Despite the rise of digitisation up the corporate agenda, many businesses are still clinging to antiquated paper processes. This post examines how digitising trade documents will ‘consign pain points and inefficiences to the history books’.
The pandemic exposed the pressures faced by corporate treasury departments that are responsible for managing transactions and credit facilities with banks and insurance providers across many large organisations.
Treasurers are finding it exceedingly difficult to continue to use manual and, in some cases, multiple complex workflows that involve a web of systems and points of contact. This is especially true in the management and optimisation of credit lines and important instruments such as bank guarantees, letters of credit (LCs) and standby letters of credit (SBLCs).
To date, digitising and consolidating communication between treasuries and banks in trade has been painfully slow, mainly because workflows between trade parties historically and persistently rely on manual processes and the transfer of paper documents or, at best, the use of multiple bank portals.
Yet by streamlining workflows and communications with banks, it is possible for treasurers to optimise their transaction management and credit-line utilisation, and begin leveraging their banks’ advancing trade digitisation programmes.
In the past year, the adoption of new technologies in the trade space has become increasingly evident, the pandemic having put tremendous strains on supply chains. However, only a small minority of corporates are currently fully leveraging efficient and robust solutions to manage their transactions across the supply chain. In doing so, these pioneering firms are able to reconcile all their transactions, streamline communications with their banks, and consolidate their guarantees on a regional and even global scale.
Despite the advantages of digitisation, and the banks rapidly transitioning to digital variants of bank guarantees and LCs, the International Chamber of Commerce (ICC) reports that most treasury departments are still relying on slow and cumbersome paper-based processes.
In industry and construction, huge volumes of performance and warranty bonds are still being passed between banks and treasuries using every form of communication available. In international trade, lost or delayed documents spanning different continents still are a normal, day-to-day occurrence.
These very documents and processes are susceptible to forgery and need to be safely stored and manually reconciled. At issuance of these documents, the process is also burdensome for corporates, and any delays mean that they are not effectively ‘open for business’. With the pandemic serving to further expose the interruptions and inefficiencies of manual work, the need for corporates to transition to solutions capable of enabling multiple bank workflows is evident.
An advanced IT infrastructure, along with the adoption of digital tools, should now be a priority for corporates looking to equip themselves to adapt to the post-pandemic trading environment. They need far-reaching digital solutions capable of providing reconciled and consolidated views of their credit lines, LCs and bank guarantees for every bank they deal with.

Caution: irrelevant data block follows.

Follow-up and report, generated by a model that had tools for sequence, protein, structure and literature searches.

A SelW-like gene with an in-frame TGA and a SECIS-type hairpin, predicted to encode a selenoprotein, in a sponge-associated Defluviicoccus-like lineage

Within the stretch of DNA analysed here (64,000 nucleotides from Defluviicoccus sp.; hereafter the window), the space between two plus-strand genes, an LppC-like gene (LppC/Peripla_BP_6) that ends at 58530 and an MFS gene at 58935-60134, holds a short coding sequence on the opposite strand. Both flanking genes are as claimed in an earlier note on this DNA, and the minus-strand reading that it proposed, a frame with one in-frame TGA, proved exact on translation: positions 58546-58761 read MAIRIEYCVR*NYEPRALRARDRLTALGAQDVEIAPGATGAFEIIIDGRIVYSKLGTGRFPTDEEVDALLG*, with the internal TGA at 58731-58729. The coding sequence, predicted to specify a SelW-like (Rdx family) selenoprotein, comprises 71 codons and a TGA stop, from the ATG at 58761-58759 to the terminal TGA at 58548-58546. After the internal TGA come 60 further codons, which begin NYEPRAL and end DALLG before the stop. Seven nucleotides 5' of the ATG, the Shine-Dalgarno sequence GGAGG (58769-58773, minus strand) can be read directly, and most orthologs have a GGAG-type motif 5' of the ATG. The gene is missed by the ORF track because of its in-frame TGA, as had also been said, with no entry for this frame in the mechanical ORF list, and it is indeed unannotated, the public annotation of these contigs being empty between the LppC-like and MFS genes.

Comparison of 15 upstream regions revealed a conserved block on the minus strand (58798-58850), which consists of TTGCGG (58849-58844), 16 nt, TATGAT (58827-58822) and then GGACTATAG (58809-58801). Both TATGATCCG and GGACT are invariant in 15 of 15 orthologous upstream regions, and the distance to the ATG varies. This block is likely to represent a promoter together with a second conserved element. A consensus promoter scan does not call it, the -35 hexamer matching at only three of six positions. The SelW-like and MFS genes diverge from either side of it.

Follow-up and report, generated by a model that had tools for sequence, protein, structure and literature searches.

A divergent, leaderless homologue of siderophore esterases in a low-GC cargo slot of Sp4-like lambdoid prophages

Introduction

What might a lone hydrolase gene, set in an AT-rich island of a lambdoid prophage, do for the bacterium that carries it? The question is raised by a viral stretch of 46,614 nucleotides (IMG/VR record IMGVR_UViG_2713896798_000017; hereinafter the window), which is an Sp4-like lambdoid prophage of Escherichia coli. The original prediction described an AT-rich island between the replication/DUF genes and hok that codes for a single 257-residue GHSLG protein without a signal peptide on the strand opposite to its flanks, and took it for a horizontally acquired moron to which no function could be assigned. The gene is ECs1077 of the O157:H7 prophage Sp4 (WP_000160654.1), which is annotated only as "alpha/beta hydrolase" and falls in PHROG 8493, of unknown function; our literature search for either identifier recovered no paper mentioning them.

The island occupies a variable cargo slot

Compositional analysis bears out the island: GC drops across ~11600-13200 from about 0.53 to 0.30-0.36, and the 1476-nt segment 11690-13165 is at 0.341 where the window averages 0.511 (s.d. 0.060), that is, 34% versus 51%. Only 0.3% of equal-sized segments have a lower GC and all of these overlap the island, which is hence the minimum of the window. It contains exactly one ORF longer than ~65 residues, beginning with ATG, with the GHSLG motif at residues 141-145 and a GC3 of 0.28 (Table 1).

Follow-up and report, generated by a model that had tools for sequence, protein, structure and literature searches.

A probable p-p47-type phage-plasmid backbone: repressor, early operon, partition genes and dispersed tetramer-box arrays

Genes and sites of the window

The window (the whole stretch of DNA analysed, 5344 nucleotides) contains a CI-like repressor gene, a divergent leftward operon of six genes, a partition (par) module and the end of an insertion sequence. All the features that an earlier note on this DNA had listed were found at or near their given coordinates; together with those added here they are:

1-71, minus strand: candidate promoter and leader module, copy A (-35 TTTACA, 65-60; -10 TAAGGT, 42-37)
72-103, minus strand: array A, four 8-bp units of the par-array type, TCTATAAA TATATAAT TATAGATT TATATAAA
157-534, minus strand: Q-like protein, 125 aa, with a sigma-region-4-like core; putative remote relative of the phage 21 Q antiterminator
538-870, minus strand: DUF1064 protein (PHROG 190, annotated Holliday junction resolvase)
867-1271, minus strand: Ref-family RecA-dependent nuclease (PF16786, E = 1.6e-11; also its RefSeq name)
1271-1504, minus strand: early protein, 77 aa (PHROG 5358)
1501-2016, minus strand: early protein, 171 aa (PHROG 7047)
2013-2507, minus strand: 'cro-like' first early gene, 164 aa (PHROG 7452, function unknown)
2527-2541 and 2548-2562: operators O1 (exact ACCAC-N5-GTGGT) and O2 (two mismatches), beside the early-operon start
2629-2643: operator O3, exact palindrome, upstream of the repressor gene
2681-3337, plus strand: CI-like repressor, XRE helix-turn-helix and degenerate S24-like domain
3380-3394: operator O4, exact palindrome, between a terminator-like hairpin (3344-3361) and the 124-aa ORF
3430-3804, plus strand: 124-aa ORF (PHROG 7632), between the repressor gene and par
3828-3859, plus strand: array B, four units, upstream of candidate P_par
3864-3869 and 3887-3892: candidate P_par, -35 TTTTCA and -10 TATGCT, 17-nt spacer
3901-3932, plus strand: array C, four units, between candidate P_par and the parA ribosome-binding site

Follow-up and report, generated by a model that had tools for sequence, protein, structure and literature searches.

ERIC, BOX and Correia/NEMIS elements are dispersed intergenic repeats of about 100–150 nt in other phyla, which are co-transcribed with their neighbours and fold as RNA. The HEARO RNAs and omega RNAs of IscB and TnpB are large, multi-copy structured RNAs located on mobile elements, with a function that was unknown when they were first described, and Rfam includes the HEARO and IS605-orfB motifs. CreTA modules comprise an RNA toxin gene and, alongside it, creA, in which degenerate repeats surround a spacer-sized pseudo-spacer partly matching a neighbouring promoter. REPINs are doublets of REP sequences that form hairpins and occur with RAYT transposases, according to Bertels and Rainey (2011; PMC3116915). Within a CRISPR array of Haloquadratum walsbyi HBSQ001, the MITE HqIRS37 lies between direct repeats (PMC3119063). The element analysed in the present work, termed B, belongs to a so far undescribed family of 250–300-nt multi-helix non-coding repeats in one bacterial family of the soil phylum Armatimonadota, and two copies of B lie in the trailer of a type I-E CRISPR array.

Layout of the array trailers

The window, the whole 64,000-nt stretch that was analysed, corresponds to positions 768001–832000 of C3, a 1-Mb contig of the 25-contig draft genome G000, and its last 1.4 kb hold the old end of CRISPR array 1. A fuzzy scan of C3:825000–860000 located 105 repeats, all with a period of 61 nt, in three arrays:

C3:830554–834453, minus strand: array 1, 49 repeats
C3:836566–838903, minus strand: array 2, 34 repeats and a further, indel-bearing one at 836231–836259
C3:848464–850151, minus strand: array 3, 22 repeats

Yet speaking to many of the biggest corporates, reticence to adopt digital technologies persists. The common objection is that such projects introduce lengthy and costly integrations that may not present clear and tangible benefits relative to their cost.
As a result of this perception, it is now vital for vendors in this space to provide and promote user-friendly solutions that enable easy adoption and a rapid plug-in to an extensive network of banks to keep on top of credit facilities, transactions, and bank guarantees.
From a single interface, treasury departments need to be able to manage and edit their LCs, bank guarantees and electronic presentations. This is particularly important for large, multinational corporates with subsidiaries or treasuries distributed across the globe. They need greater visibility across borders and organisational boundaries to deliver efficiencies at scale in their use of credit lines, working capital and transaction management.
With the ongoing roll-out of digital trade finance solutions by banks across the globe, as well as the improving interoperability between these solutions, corporates taking this pathway will be able to communicate with all their banks more easily, and finally start moving away from antiquated paper processes and multiple communication channels.
I believe that we are witnessing a golden age in trade digitisation, in part spurred on by the impacts of the pandemic. Yet treasuries are spending vast amounts of time manually managing credit lines with multiple banks because too many remain firmly wed to Excel spreadsheets and their over-complex error-prone manual processes. There is no need.
The technological landscape for trade and treasury has moved forward at pace. By digitising trade documents and reconciling all transactions in one place, then building open communication channels with financial institutions, all current inefficiencies and pain points can be consigned to the history books.
Indeed, with working habits changing, and remote working becoming the norm, the adoption of multi-banking trade finance solutions will enable treasuries to manage and optimise their LCs, bank guarantees and credit-line relationships with their banks with an ease and efficiency that has previously been impossible but is arguably now essential.